By Pam Martens and Russ Martens: August 31, 2018 ~
On August 22 Bloomberg News reported that Goldman Sachs is shuttering two hedge funds run out of Asia with approximately $1.4 billion in total assets. Goldman Sachs isn’t shuttering the funds because the Volcker Rule restricts its ownership of hedge funds but because, according to the report, one Goldman partner running one fund is retiring and the other is starting his own fund.
Yesterday, Bloomberg News reported that JPMorgan Chase’s asset management division is liquidating “a $1 billion credit hedge fund” known as the Palm Lane Credit Opportunities Fund. The article said that “JPMorgan didn’t give a reason for the decision and a spokeswoman for the fund declined to comment.”
A filing by Palm Lane Credit Opportunities Fund on August 24 of this year at the SEC, shows the hedge fund registered offshore in the Cayman Islands, and says its first offering to investors came on July 1, 2012. That was two years after the Volcker Rule’s restriction on hedge fund ownership was signed into law. A Senior Portfolio Manager at the fund has a LinkedIn page stating that the fund invests in “non-directional opportunities in the CLO [Collateralized Loan Obligation], CDS [Credit Default Swap], credit correlation, illiquids and leveraged loan markets” – not exactly the sort of things you want a taxpayer-backstopped bank to be dabbling in.
Americans were led to believe that the Volcker Rule (named after former Fed Chairman Paul Volcker), which was part of the much ballyhooed Dodd-Frank financial reform legislation signed into law by President Obama in 2010, had put an end to giant Wall Street banks holding Federally insured deposits while engaging in high-risk proprietary trading (trading for the house). It also banned depository banks from owning material amounts of hedge funds and private equity funds where speculative trading occurs and where serious losses can be hidden.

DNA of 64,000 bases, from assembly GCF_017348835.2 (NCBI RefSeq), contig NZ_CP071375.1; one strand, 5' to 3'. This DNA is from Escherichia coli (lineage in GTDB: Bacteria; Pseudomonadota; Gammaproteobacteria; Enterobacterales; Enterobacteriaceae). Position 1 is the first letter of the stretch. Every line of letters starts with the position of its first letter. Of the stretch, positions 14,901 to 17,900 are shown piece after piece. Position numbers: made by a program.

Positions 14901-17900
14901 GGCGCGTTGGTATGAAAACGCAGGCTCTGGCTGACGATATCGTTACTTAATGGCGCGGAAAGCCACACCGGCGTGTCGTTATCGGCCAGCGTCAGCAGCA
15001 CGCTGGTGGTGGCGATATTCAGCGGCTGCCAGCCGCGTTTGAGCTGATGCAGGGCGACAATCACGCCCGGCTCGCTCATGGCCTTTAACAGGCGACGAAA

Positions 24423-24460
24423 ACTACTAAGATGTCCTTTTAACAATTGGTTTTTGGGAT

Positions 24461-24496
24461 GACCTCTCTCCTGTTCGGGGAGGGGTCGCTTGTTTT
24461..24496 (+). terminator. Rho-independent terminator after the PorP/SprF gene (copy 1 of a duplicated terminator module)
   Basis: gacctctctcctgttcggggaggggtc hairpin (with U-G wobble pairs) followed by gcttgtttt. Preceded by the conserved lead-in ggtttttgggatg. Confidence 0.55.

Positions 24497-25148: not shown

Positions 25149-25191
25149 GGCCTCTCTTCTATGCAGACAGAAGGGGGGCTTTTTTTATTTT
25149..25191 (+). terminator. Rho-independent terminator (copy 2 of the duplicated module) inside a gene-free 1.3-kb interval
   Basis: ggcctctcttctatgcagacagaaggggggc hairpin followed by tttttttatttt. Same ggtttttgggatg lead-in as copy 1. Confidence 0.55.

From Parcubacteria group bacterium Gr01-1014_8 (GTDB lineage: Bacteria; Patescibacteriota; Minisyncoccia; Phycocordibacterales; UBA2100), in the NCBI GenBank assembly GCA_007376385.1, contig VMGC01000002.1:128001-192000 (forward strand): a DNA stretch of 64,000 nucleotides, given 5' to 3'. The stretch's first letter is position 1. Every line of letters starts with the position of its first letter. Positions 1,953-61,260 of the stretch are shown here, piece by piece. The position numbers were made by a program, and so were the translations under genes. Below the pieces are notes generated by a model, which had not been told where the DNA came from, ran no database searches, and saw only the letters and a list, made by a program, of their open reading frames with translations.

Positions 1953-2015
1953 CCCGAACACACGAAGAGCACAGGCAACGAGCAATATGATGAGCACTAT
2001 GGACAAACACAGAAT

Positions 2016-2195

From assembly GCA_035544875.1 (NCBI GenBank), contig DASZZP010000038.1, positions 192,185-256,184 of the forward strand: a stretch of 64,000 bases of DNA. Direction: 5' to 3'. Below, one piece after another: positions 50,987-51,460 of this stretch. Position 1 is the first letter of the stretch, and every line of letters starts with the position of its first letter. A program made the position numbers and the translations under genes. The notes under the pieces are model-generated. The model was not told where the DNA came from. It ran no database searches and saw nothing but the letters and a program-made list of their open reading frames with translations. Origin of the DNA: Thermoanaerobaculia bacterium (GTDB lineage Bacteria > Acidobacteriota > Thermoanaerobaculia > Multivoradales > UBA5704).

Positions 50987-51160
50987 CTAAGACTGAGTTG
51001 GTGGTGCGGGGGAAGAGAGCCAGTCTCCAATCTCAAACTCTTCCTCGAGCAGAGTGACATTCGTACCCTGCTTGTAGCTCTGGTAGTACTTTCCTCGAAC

So what are these big Wall Street insured depository institutions doing still owning hedge funds with billions of dollars in assets?
Dodd-Frank was signed into law on July 21, 2010. The final interpretive Volcker Rule was not approved until December 2013 and that rule indicated it would not take full effect until July 21, 2015. Federal regulators have been massaging the rule ever since to the point that Wall Street banking powerhouses consider it the equivalent of a gnat on an elephant’s rump.
The thinking behind the Volcker Rule is that banks holding Federally insured deposits, which could make them subject to a taxpayer bailout if they fail, should not be taking high risk gambles while simultaneously having access to a government safety net. Lehman Brothers owned two FDIC-insured banks when it blew up in 2008. Merrill Lynch, at the times of its shotgun marriage to Bank of America during the Wall Street collapse in 2008, owned three FDIC-insured banks. AIG owned the Federally-insured AIG Federal Savings Bank at the time of its insolvency in 2008 because of credit default derivatives it was backing for Wall Street banks. And then there was Citigroup, owner of Citibank, one of the largest insured banks in the country and the recipient of the largest taxpayer bailout in U.S. history from 2007 through 2010 because of its casino culture.
We know that the biggest Wall Street banks assumed from the beginning that they could wiggle their way around the Volcker Rule because just two years after its passage, JPMorgan Chase, the largest depository bank in the nation, was caught gambling in exotic derivatives in London using depositors’ money. It was forced to eventually own up to $6.2 billion in losses from what became known as the London Whale fiasco.
On May 7 of last year, Alistair Gray, reporting for the Financial Times, said that Goldman Sachs was getting waivers from the Federal Reserve over its hedge fund holdings. Gray reported that Goldman “had received an extension for ‘substantially all’ of its investments in $6.2bn worth of so-called legacy covered funds — $4.5bn worth of private equity funds, as well as credit, real estate and hedge funds.”
As these dangerous trends gain serious footholds across Wall Street, once again putting the U.S. economy in jeopardy, what is Congress doing? It’s investigating the wives of Justice Department officials.